Russia's Sputnik V vaccine is 92% effective at protecting people from COVID-19 according to interim trial results, the country's sovereign wealth fund said on Wednesday, as Moscow rushes to keep pace with Western drugmakers in the race for a shot.
Russia's results are only the second from a late-stage human trial, following on swiftly from data released on Monday by Pfizer Inc and BioNTech, which said their shot was also more than 90% effective.
While experts said the Russian data was encouraging and reinforced the idea the pandemic could be halted by vaccines, they warned that the results were only based on a small number of trial volunteers who had contracted COVID-19.
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The analysis was conducted after 20 participants developed the virus and examined how many had received the vaccine versus a placebo. That is significantly lower than the 94 infections in the trial of the vaccine being developed by Pfizer and BioNTech.
"I assume there was political pressure after the press release from Pfizer and BioNTech earlier in the week to now draw level with their own data," said Bodo Plachter, deputy director of the Institute of Virology at the Mainz University. "What is missing for now is an analysis of statistical significance."
To confirm the efficacy rate of its vaccine, Pfizer said it would continue its trial until there were 164 COVID-19 cases.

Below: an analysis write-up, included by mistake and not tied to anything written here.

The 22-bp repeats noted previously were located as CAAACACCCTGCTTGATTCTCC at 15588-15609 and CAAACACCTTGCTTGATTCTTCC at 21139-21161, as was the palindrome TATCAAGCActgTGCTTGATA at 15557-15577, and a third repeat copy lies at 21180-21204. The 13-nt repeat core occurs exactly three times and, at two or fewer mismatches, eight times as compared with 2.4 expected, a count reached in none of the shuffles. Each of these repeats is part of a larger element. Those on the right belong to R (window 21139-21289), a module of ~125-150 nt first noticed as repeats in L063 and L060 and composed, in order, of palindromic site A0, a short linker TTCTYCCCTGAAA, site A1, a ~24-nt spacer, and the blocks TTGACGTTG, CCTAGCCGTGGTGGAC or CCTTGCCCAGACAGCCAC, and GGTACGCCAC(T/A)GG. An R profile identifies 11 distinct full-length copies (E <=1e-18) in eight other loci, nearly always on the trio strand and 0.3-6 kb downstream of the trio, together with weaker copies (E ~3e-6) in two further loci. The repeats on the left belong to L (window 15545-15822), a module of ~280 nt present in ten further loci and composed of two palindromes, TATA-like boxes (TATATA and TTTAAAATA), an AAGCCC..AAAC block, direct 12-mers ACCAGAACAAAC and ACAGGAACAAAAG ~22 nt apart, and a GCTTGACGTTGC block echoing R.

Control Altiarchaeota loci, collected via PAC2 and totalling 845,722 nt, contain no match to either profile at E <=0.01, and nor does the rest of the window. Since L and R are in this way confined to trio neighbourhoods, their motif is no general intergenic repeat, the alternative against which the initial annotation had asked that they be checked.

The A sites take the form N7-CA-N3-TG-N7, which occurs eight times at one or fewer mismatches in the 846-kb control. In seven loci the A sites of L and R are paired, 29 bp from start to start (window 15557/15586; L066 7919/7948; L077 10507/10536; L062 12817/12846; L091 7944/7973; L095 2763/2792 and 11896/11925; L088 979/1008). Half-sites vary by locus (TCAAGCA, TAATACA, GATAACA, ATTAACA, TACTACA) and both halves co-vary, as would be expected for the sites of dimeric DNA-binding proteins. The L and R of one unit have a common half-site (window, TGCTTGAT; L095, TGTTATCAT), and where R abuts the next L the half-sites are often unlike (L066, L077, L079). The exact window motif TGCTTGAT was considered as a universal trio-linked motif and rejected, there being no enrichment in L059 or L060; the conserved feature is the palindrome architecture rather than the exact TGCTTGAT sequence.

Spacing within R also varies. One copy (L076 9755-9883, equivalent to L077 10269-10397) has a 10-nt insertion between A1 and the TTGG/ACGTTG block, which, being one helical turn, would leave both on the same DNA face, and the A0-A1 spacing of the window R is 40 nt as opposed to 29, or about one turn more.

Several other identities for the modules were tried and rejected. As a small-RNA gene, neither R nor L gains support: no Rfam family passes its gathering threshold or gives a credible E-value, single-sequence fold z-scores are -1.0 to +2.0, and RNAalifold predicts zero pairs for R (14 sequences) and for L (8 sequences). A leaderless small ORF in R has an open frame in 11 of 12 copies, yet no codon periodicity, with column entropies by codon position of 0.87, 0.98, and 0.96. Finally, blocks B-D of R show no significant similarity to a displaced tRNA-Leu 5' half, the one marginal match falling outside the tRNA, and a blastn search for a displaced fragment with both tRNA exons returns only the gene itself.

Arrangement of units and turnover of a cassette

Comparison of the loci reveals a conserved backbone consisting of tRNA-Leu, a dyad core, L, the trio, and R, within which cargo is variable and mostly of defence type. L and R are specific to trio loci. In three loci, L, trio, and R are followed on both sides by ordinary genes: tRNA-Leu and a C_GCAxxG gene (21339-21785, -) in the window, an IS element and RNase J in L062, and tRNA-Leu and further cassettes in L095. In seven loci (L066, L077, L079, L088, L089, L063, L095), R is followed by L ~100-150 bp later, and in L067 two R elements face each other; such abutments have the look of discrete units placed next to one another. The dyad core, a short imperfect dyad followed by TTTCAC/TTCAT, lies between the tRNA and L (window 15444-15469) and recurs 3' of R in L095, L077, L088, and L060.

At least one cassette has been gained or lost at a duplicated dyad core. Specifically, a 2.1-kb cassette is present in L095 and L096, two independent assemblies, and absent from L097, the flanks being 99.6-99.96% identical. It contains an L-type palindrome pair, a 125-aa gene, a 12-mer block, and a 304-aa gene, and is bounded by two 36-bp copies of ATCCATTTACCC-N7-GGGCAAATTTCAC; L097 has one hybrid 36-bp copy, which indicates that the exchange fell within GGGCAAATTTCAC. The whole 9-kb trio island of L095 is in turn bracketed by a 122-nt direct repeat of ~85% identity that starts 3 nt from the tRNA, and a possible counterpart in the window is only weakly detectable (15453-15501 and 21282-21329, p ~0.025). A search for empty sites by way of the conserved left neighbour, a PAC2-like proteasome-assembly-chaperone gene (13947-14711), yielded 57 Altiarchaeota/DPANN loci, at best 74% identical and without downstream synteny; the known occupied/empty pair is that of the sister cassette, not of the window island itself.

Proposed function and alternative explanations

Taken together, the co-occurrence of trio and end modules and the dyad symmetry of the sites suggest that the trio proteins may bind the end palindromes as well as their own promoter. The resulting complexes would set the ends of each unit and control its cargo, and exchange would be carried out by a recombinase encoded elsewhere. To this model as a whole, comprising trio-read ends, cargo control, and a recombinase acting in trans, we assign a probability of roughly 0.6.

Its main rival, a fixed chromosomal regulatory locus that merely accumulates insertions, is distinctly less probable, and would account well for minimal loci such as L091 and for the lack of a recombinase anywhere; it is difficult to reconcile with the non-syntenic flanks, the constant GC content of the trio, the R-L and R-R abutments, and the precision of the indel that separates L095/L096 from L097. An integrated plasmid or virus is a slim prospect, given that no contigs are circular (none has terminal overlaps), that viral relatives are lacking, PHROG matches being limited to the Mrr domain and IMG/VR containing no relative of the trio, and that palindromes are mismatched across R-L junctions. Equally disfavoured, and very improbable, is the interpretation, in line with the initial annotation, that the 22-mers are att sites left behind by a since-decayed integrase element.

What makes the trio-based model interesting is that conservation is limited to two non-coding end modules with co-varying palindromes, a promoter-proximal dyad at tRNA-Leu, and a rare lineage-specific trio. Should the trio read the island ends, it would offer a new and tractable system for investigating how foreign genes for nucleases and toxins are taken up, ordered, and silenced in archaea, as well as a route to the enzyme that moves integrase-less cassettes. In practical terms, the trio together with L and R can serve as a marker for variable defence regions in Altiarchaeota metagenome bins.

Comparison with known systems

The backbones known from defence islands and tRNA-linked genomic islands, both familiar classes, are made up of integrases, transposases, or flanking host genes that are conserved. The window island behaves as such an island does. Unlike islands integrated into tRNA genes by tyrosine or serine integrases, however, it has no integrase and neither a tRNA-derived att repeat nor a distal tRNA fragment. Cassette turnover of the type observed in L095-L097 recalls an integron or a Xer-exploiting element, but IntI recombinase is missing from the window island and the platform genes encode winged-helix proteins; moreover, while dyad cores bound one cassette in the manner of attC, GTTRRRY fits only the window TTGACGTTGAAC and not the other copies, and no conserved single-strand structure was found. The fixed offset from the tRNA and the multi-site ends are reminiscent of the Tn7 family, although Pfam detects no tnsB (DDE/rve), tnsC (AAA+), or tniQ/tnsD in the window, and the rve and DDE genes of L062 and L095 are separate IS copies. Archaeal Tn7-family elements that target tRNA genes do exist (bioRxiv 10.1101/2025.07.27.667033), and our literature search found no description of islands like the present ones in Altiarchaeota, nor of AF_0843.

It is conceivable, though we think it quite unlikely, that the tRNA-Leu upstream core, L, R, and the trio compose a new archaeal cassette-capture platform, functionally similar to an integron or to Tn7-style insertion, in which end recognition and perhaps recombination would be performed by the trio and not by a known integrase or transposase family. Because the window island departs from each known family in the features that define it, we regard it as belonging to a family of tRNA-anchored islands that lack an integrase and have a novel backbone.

The Russian Direct Investment Fund (RDIF), which has been backing Sputnik V's development, said the Russian trial would continue for six months.
Alexander Gintsburg, director of the Gamaleya Institute which developed the vaccine, said the interim results demonstrated that Sputnik V was effective and mass vaccinations would be rolled out in Russia in the coming weeks.
European stocks and U.S. stock futures extended their gains slightly after Russia's announcement though the reaction was far more muted than after Pfizer's results.
'Not a competition'
Successful vaccines are seen as a crucial to restoring daily life around the world by helping end the pandemic that has killed more than 1.26 million people, shuttered businesses and put millions out of work.
However, experts said knowledge about the Russian trial's design was sparse, making it hard to interpret the data.
Scientists have raised concerns about the speed at which Moscow has worked, giving the regulatory go-ahead for the shot and launching mass vaccinations before full trials to test its safety and efficacy had been completed.
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"This is not a competition. We need all trials to be carried out to the highest possible standards and it is particularly important that the pre-set criteria for unblinding the trial data are adhered to avoid cherry picking the data," said Eleanor Riley, a professor of immunology and infectious disease at the University of Edinburgh.
"Anything less than this risks a public loss of trust in all vaccines, which would be a disaster."
The results are based on data from the first 16,000 trial participants to receive both shots of the two-dose vaccine.